Preparing Surfaces! Here’s all you must know about types of blasting methods


Various surfaces require cleaning and preparation work. And most industries such as the concrete one find blasting services as one of the most convenient ways to do so. However, their use isn’t limited to just one industry, they are being employed by many around the globe. 
With this blog, you’ll learn all about grit blasting and its modern forms. 

What is Grit Blasting? 

Also referred to as Sandblasting, grit blasting is a surface treatment process that employs abrasive particles that are fired through a nozzle using compressed air. 

Grit blasting is mostly used in a wide range of industries to clean or modify the surface properties of components. 
Depending on the application, the particles utilised in the process range from walnut shells (relatively soft), through various types of sands, to silicon carbide, emery particles, or alumina. 

In the process, the methods of propelling also might vary and can include entrainment in compressed vapour (usually steam), liquid (typically water), air and mechanical projection methods (e.g. rotating paddles). 

Grit blasting is used for removing sand or scaling in the fettling of castings and also for the dressing of stampings and billets, etc. The process is often used for metal coatings in the UK and for preparing surfaces before welding (to remove rust, paint, or scale) and then enhance the adhesion of coatings.  


Just as sandblasting and blast cleaning, initially grit blasting was solely employed to rejuvenate a tired-looking surface. But, now it has become a necessity in recent construction and production practices. It’s currently being used to prepare the surface for repairing and cleaning surfaces for repainting or creating an improved surface for achieving the best possible cohesion of adhesives. 

Today, the industry rarely uses sand as a treatment media because sand has specific properties that make it challenging to work with. Let’s see some modern types of blasting methods used by experts in the industry: 

1. Bead Blasting

This type of grit blasting is effective in removing small or average-sized build-ups on the surface by running small glass beads against the surface. The process is highly useful as it helps in eliminating unwanted build-ups without damaging the main surface underneath. 

The application of this process lies in cleaning pool tiles, vehicle bodywork, grout, or producing a smooth finish on machined parts and eliminating embedded fungus. 

Benefits of Bead Blasting include the following: 

  • Suitable for sensitive machined parts
  • Glass bead media is less toxic to the environment
  • Easy to collect and recycle glass media
  • Alternative to using various-sized glass bead abrasives for different surfaces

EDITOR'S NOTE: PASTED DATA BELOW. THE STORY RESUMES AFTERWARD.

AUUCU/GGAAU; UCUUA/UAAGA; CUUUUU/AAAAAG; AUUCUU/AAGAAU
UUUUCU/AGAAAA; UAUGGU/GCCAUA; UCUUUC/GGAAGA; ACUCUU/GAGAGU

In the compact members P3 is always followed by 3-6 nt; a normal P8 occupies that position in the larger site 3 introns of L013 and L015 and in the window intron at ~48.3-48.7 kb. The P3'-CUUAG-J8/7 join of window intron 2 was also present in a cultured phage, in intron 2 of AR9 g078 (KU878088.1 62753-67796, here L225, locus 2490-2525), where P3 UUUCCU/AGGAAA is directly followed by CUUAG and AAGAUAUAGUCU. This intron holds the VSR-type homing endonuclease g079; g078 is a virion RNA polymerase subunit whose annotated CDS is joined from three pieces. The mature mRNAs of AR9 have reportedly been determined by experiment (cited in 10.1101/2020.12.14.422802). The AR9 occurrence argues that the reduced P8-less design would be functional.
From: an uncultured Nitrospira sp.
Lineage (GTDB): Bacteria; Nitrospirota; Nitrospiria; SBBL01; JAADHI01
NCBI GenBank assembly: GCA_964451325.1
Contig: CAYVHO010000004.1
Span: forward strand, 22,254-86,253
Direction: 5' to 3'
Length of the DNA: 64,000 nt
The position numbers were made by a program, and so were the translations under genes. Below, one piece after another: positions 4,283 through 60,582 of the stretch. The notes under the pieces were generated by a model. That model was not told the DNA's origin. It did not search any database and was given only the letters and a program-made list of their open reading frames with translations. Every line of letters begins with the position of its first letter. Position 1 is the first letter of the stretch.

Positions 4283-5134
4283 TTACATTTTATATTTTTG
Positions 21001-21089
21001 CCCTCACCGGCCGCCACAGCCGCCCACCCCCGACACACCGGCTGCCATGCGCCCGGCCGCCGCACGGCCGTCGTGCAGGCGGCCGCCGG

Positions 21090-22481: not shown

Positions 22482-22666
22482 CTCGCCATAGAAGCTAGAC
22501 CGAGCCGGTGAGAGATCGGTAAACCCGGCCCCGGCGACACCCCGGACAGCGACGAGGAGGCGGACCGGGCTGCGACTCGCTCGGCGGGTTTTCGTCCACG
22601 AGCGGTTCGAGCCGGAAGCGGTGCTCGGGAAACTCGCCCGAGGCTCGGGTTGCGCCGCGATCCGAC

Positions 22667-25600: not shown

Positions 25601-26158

2. Wet Abrasive Blasting 

Well known as the alternative to sandblasting, wet abrasive blasting is a multi-purpose and fairly more adaptable method of grit blasting. With this method, you can use media ranging from super fine to coarser materials, which may include media with a variety of different densities. 

Wet abrasive blasting services are quite useful in eliminating dust and hazardous substances such as asbestos without any danger. 

Few benefits of wet abrasive blasting include:

  • Reduced production of dust
  • No media impregnation into blasted surfaces
  • Thorough cleaning of detailed or uneven surfaces 
  • Generates an exceptional surface for plating and bonding
  • Prevents the need to use toxic or harmful chemicals 

3. Hydro Blasting

Another grit blasting variant, which is much similar to bead blasting. The original surface isn’t damaged in this blasting process, and no media is used during the process as well. Therefore, it’s a convenient method to choose if the cleaning surface is challenging to operate. 

Typically, a hydro blasting will employ high-pressure stream of water, with 10,000 psi pressure and will efficiently clean dirt, paint or chemicals from internal or external surfaces without causing any sort of damage. 

Benefits of employing Hydro blasting method:

  • The water used in the process can be recollected and recycled. 
  • Water acts as a neutral liquid, which is non-corrosive and non-harmful.
  • Hydro-blasting machines achieved pinpoint accuracy.
  • Least post-process clean up required. 

4. Dry Ice Blasting

This grit blasting technique dislodges all the contaminants on a surface using frozen particles of carbon dioxide. These particles are drummed against the surface at high velocity. 

Dry ice is a softer material than the sand; the process is preferred over sandblasting as it’s less harmful to delicate or sensitive surfaces. It leaves no residue, ultimately speeding up the clean-up process.  

Few of the added benefits of dry ice blasting are as follows: 

  • Useful in cleaning individual moulds during use, reducing factory downtime
  • Dry ice is non-flammable, non-toxic, and non-conductive
  • The workers are free from any harm or damage

5. Micro-Abrasive Blasting 

As the name suggests, the micro-abrasive blasting uses a direct small stream of abrasive material to a specifically targeted area using a nozzle of not more than 1.5mm in diameter to cover an area of 1 mm2 to 3 cm2. Likewise, it’s also referred to as ‘pencil blasting’, and is employed mostly for delicate operations. 

The process can also be used to write on surfaces such as glass. 

Benefits of Micro-abrasive blasting includes the following:

  • Complex detailing achievable
  • No heat no vibration, hence ideal for working with silicon slices
  • Highly accurate with delicate parts
  • Can be utilised in a wide range of industries

So, these were some of the latest and modern grit blasting services that you can reach out to in the UK. Choose the best for the kind of work that you’re up to.